We also use the MMD to quantify the similarity of the distributions of neural activity or motor outputs between pairs of separate recording sessions for each dataset, as a way to quantify the recordings instabilities (Figure 2—figure supplements 2C and 3). For a pair of sessions, we divided each of them into four non-overlapping folds, and computed the MMD between each fold and its counterpart in the other session, then reported the mean value across folds. We also computed the ‘within-session MMD’ for neural activity/motor outputs for each session, using the same way described above.

Principal angles

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To evaluate the similarity between neural manifolds of day-0 and day-k before and after alignment, we used principal angles (Knyazev and Argentati, 2002). Principal angles provide a metric to quantify the alignment of two subspaces embedded in a higher-dimensional space. For any pair of C-dimensional hyperplanes, there are C principal angles that exist between them. Following the approach outlined in Knyazev and Argentati, 2002 and Elsayed et al., 2016, these angles are computed as follows: first, we reduce each signal (here the day-0 and day-k neuron firing rates) to 10 dimensions using PCA. Next, recursively for each C=1...10, we identify the pair of principal vectors that are separated by the smallest angle and that are also perpendicular to the prior selected pairs, and report that angle. When two hyperplanes are well-aligned, the leading principal angles between them can be very small, but often the last few angles are quite large. We computed the principal angles using the ‘subspace_angles’ function of the SciPy python package (Virtanen et al., 2020).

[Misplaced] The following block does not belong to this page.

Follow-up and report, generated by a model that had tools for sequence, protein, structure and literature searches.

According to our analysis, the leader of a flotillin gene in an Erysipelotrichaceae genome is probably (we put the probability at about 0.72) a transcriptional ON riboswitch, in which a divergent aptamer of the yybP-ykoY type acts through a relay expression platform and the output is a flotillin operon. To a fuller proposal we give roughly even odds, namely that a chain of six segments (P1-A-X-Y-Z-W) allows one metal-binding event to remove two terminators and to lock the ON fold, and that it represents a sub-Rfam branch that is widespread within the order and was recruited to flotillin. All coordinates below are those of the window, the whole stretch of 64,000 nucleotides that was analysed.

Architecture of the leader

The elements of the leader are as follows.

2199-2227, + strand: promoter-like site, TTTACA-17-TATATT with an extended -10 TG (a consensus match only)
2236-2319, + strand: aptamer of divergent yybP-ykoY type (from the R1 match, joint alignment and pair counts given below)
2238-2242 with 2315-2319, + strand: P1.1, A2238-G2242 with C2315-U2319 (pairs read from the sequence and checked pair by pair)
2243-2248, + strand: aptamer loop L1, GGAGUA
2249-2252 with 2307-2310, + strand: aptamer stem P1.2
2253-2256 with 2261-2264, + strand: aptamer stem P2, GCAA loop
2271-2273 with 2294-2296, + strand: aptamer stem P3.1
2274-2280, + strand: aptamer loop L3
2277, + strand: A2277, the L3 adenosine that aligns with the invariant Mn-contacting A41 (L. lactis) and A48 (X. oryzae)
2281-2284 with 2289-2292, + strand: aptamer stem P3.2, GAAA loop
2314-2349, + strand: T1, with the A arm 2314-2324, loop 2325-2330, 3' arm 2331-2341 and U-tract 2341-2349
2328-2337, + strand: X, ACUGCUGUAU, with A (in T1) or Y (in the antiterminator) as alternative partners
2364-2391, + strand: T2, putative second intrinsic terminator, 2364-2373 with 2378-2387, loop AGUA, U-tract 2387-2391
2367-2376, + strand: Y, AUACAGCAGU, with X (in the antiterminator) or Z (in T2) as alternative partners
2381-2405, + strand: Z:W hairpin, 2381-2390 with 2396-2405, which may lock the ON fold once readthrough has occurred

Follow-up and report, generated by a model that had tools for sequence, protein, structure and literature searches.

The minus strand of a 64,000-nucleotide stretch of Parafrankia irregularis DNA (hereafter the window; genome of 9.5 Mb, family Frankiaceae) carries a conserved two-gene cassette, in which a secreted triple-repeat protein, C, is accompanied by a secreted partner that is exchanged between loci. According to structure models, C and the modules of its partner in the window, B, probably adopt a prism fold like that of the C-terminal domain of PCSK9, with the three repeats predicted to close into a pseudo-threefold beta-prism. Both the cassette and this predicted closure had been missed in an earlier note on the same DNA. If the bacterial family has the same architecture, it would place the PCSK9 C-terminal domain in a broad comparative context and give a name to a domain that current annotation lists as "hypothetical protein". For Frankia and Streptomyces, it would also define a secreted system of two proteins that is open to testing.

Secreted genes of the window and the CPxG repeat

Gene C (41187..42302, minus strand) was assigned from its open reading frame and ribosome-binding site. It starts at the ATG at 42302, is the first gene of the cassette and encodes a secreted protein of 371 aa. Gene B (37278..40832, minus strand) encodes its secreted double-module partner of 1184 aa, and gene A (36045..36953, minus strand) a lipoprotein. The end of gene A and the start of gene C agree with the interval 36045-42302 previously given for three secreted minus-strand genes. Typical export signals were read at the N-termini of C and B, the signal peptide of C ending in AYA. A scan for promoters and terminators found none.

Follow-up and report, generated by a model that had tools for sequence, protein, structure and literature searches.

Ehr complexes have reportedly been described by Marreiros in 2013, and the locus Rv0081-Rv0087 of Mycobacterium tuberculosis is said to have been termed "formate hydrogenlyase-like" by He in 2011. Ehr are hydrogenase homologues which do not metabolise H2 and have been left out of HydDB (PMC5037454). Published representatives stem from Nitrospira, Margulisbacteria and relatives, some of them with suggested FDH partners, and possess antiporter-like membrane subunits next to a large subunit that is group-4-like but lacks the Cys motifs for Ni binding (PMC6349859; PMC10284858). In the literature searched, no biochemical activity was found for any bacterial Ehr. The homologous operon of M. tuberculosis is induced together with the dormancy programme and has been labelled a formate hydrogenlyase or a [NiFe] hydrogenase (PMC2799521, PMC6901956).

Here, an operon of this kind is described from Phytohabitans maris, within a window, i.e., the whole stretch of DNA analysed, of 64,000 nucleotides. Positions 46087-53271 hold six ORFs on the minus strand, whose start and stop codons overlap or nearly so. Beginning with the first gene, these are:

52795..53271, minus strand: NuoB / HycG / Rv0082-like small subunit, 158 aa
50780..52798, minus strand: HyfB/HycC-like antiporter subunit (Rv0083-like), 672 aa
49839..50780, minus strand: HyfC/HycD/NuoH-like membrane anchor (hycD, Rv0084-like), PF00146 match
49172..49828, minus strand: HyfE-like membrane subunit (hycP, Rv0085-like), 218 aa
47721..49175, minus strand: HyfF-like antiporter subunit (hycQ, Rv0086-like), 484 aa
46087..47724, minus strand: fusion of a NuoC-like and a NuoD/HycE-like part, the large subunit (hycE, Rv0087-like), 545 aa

To assess whether the angles after neural alignment were significantly small, we compared them to an upper bound provided by the angle between two surrogate subspaces, using the strategy described in Elsayed et al., 2016. Briefly, we generated 10,000 random pairs of day-0-like and day-95-like subspaces in which we shuffled the timing of spikes within each neuron, destroying correlation structure while preserving the statistics of neural firing rates within each day. We then computed the principal angles between each pair, and used the 0.1th percentile of the principal angle distribution as the threshold below which angles could be considered smaller than expected by chance given firing rate statistics alone. We also defined a ‘within-day’ bound by computing the principal angles between the day-0 neural recordings of even-numbered and odd-numbered trials, to reduce to a minimum the effect of any within-day drift. If the alignment process is successful, we expect the neural manifolds of day-0 and day-k to have principal angles similar to those of the within-day bound.


We applied statistical tests to compare the decoding accuracy over time after neural alignment with Cycle-GAN, ADAN, and PAF. For these comparisons, we ran a linear mixed-effect model with the type of aligner and the number of days elapsed from decoder training as fixed factors and the type of task as a random factor. In addition, we compared the performance of Cycle-GAN and ADAN with different hyperparameter settings, including generator and discriminator learning rates, as well as batch size. For all these comparisons, we used a two-sided Wilcoxon’s signed rank test. We also used a two-sided Wilcoxon’s signed rank to test whether there was a significant difference between any two methods when limited amount of training data was used for alignment. Finally, we compared the MMD of neural distributions between all pairs of day-0/day-k sessions before and after alignment with Cycle-GAN and ADAN. Since the distributions pre and after alignment are independent, we used a two-sided Wilcoxon’s rank sum test. For all the statistical models, we used a significance threshold of α=0.05. When making pairwise comparisons between the three aligners, we used a Bonferroni correction of 3. Sample sizes are reported in the corresponding results section.

Appendix 1

Detailed methods for iBCI decoders and aligners

Testing neural alignment on your data